Now Michael is fitting the hull stringers. With this method of construction the stringers are arranged to suit the different regions of the hull skin. In the photo below you can see the sheer clamp, spanning the bottom corners of the bulkheads. Just above that is a topside stringer. There will be another similar stringer close to the chine that will accurately align the upper side panel.

The other full-length stringer that is in place is the tangent stringer that defines the edge of the curved portion of the hull that is laminated from thinner plywood. On top of the hull there is a stringer partially slotted in, defining the other edge of the curved panel.

Below the tangent stringer is a short stringer at the right in the photo. This is an additional stringer needed to fill in the space where the side panel increases in width due to the tightening of the radius toward the bow.

In the foreground are stringer lengths that will be scarphed together into the long lengths required. The angles have been planed and are ready for gluing.
Didi 950 with hull stringers being fitted.
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Saturday, February 15, 2014

Dave Immelman - Professional Sailor looking for a Boat

Those who followed our abortive Cape to Rio Race on the Didi 38 "Black Cat" and my recent blog posts about it will know that we went through situations that were demanding of quality seamanship, a cool head and total commitment to the well-being of boat and the other crew members. Those qualities come from thousands of miles sailed in all conditions, good and bad, sometimes under much pressure.

Our navigator on "Black Cat" was professional sailor David "Wavy" Immelman and he proved to have all of those qualities and more to spare. At any time that there was tough work to be done on the boat, Dave was there to do it or to assist. We had never sailed together before but Dave proved to be very capable and a sailor with whom I will be very happy to sail in the future.

Dave had prepared the boat for the race and onward voyaging. He was to take over as skipper after my departure in Rio and was to take her to the Caribbean for cruising and racing. He had committed to the owner of "Black Cat" for long term voyaging and racing. Unfortunately those long-term plans disappeared into the blue with our rudder, so Dave is looking for another boat.

Dave Immelman is RYA Ocean certified, with experience that includes Volvo Ocean Race, Americas Cup and Solent Racing. He is also tough, having rowed single-handed across the North Atlantic.

If you know of a racing, cruising or charter boat that may have a suitable opening, please message me so that I can put you in contact with Dave to supply his CV.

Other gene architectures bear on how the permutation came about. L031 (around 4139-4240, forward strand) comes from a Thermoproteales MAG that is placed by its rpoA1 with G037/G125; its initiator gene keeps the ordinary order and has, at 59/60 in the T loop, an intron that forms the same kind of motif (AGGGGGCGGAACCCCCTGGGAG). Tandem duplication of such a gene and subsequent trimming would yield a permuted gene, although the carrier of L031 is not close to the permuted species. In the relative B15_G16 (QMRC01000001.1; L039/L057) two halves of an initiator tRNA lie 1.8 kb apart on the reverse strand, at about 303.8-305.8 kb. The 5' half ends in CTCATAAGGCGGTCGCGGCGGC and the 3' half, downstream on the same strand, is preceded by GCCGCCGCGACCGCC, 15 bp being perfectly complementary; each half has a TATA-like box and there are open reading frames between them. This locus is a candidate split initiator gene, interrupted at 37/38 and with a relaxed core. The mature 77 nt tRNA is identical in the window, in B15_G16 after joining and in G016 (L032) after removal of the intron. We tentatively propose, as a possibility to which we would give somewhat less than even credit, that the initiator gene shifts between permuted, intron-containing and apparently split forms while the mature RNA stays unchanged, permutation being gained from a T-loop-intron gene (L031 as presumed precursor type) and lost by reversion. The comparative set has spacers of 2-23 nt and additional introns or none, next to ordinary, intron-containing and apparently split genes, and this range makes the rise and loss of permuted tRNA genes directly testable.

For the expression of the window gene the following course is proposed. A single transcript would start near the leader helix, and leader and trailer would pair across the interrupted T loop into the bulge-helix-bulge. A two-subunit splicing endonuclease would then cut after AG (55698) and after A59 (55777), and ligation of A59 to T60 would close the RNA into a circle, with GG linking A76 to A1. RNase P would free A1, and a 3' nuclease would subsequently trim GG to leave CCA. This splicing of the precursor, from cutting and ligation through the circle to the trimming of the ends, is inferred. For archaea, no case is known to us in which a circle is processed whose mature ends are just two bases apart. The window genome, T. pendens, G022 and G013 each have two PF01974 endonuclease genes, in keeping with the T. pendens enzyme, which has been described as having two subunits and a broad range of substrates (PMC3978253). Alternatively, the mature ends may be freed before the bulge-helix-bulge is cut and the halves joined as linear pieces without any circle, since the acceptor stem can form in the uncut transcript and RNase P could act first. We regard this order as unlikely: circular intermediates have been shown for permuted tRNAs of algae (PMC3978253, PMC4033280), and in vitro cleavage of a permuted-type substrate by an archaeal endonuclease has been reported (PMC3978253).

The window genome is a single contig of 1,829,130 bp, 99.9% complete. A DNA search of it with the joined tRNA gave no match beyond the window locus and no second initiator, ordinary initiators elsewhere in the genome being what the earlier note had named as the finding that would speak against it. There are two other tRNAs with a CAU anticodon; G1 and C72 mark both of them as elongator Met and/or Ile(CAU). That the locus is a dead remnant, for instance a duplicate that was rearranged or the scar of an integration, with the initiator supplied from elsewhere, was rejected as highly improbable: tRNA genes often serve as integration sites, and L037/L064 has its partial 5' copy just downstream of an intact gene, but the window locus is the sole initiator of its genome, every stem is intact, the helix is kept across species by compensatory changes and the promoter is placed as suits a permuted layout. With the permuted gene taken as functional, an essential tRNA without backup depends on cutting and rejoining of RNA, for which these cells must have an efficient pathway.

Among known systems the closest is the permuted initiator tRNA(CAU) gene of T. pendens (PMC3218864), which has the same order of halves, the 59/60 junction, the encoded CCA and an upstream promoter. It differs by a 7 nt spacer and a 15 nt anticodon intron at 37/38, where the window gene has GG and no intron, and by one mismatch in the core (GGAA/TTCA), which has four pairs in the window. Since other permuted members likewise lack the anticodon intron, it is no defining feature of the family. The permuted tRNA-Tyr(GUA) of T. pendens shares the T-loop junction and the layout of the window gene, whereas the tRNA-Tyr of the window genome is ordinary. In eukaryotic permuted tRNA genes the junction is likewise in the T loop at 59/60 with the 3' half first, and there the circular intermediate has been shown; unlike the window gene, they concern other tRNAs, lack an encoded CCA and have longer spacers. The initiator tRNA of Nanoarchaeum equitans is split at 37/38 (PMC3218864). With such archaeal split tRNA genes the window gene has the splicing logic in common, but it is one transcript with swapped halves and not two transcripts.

Wednesday, February 5, 2014

Our 2014 Calendar Stocks Available

A few people have told me that they were disappointed that we had sold out of our 2014 calendars before they were able to order and have asked if we don't have a spare copy that they can buy. Sorry, all were sold and we have none left except for one hanging on our own wall.

All is not lost though. I have set up a link where anyone who wants can order direct from the publisher at the same price that we were charging. You may even get a discount from them if you time it nicely when they have a special offer running.
Cover of 2014 Calendar
To order, please Click here. From this page you can also order my book "Shaped by Wind & Wave" if you don't already have that, either in hard copy or ebook format.

Our website is at, where you can see all of our designs.

Monday, February 3, 2014

DH550 "Wild Vanilla" Gets a New Owner

Professional boatbuilder Phil Harvey asked me to draw a 55ft cat for him using my radius chine plywood methods. I had too much work already, so Phil and I shared the design work to produce the new boat. That is the origin of the DH550 name.

Their boat, "Wild Vanilla", has been sold and will change hands in a few weeks. Her new owner took the photo below and sent it to Phil and Laura. I can't resist showing this gorgeous photo of a very pretty boat.
"Wild Vanilla" is the pot of gold at the end of the rainbow.

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Sunday, February 2, 2014

Didi 950 Construction Starts

Michael Vermeersch has started building his Didi 950 prototype in Ravenna, Ohio. This is the prototype of a very new design. Micheal is building from a pre-cut kit that we supplied and reports that the quality and fit have been excellent thus far.
Didi 950 Kit, ready for unpacking
 Yesterday Michael and a friend set up the bulkheads on the building stocks and he is now preparing to fit the backbone components to tie the bulkheads together.

Didi 950 Bulkheads set up and waiting for backbone.
This design has been drawn to comply with the Class 950 Class Rules. Watch this space for progress reports on this boat and the other Didi 950s being built in Australia, Latvia and Greece.

Please note that precut kits for our plywood designs supplied in USA must be ordered from Dudley Dix Yacht Design and not from the company that cuts them, Chesapeake Light Craft. For more info and pricing go to our plywood kits page.